To this day, I have never owned a key to my mom’s house in Montreal, simply because it is barely ever locked. This fact amuses my South African friends, who all hold a 4-key set to get to their rooms. I remember growing up sneaking in my parents’ room at night because I was afraid of burglars, and was reminded every night that I was having an irrational fear: we were safe. And we were always safe (knock on wood!). Fast forward 15 years later, living in Canada and Europe in the last few years, I would not think twice about my safety coming home alone in a taxi after a night out, or even less so going out for a run in the neighborhood in the middle of the afternoon.
According to the South African Police Services, Cape Town has the highest crime rates in South Africa, and falls within the infamous top 10 of cities with the highest crime rates (be wary of statistics, it is more a reflection of crimes reported). Of course, I knew this before coming here, and was fully prepared to be vigilant, act responsibly and let go of my very Canadian ways. Completing my internship in the field of gender-based violence, I am also aware of the high rates of sexual violence occurring in the city that I now love, yet somehow could distance myself from these stats and stories as they happened in different neighborhoods, or to people of a different race. Nonetheless, I became increasingly aware of crimes happening in the very places and times where I felt safe: on the University of Cape Town campus, at home in the morning, in the middle of the day on a busy street. And slowly, my sense of security was disintegrating as overwhelming distrust set in. My behaviors changed further - I stopped going for runs, I avoided walking alone and I carry pepper spray - which further influenced how I perceive the spaces I engage in, now with suspicion and fear.
On March 14, a 16 year-old girl was raped and murdered in a popular forest area of the Southern Suburbs of Cape Town (middle-class, mostly white area), in the middle of the afternoon, a mere hundred meters from her family. The public roared with furor and the media incensed the sense of panic with no shame of the obvious “white-bias” where crime against a white person warrants mobilizations, while the vast majority of other crimes are ignored, trivialized even. I am guilty of the same reaction. And it is important to understand the reasons why some crimes hit home more than others, to be honest about the way we respond emotionally and personally to horrific events because they happen in the intersections of our lives and become easily translatable to “It could have been me or someone I love….”.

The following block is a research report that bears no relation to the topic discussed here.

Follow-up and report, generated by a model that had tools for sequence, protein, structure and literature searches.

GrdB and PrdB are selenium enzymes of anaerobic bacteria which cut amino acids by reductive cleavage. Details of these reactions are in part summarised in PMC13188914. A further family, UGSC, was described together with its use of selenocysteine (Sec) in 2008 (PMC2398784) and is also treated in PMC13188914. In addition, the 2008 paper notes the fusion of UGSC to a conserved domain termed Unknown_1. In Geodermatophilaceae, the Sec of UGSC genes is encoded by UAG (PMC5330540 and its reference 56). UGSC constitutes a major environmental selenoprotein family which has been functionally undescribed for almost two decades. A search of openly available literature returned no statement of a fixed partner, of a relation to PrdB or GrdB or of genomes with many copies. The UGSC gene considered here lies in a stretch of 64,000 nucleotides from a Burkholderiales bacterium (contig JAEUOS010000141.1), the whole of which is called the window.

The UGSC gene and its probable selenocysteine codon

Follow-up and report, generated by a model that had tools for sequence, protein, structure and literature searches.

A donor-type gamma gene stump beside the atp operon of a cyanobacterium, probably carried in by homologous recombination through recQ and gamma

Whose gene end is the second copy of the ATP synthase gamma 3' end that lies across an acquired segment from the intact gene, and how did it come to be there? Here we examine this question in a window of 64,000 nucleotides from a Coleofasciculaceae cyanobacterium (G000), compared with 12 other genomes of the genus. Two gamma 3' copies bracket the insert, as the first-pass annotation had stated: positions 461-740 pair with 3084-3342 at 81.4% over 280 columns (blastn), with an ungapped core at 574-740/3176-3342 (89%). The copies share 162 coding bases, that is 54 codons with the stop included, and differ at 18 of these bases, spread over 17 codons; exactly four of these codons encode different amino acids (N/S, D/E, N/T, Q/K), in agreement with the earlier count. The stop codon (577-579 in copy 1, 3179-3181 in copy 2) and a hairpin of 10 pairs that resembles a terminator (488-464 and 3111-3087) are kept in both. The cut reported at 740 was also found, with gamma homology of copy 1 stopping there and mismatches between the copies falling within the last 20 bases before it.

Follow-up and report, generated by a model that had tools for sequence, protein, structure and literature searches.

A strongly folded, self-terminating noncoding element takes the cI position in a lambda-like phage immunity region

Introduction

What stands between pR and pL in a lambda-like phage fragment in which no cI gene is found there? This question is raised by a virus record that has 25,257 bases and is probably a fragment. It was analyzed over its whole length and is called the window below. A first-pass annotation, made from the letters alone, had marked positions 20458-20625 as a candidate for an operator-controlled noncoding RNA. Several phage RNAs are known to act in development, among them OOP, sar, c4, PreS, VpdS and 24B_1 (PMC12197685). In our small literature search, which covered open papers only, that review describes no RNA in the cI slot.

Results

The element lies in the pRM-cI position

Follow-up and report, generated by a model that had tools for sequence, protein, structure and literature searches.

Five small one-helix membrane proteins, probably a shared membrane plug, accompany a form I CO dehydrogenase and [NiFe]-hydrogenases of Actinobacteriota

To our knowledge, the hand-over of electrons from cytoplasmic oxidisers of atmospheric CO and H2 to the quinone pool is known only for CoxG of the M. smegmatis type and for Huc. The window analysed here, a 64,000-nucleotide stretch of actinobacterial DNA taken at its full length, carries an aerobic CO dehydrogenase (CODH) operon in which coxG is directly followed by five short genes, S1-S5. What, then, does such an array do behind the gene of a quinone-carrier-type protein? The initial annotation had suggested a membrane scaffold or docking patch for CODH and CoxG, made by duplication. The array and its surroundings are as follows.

With the recent attacks in Brussels, there has been a parallel uproar on the “ignored” terrorist attacks in non-Western parts of the world. While I believe that it is our duty to inform ourselves about global events, systematic oppression and the clash of societies, I am also of the opinion that it is natural to strongly respond to events happening in a sister country, in a community just like the ones where we didn’t lock doors. It is born from our sense of self-preservation, but mostly attacks our perceptions of the world, of how we interact with others and how we engage in different places.
I am hoping deeply that I will feel safe again when I land in Canada, that I will learn to trust my surroundings just like I always have. Yet now, I won’t take these privileges for granted.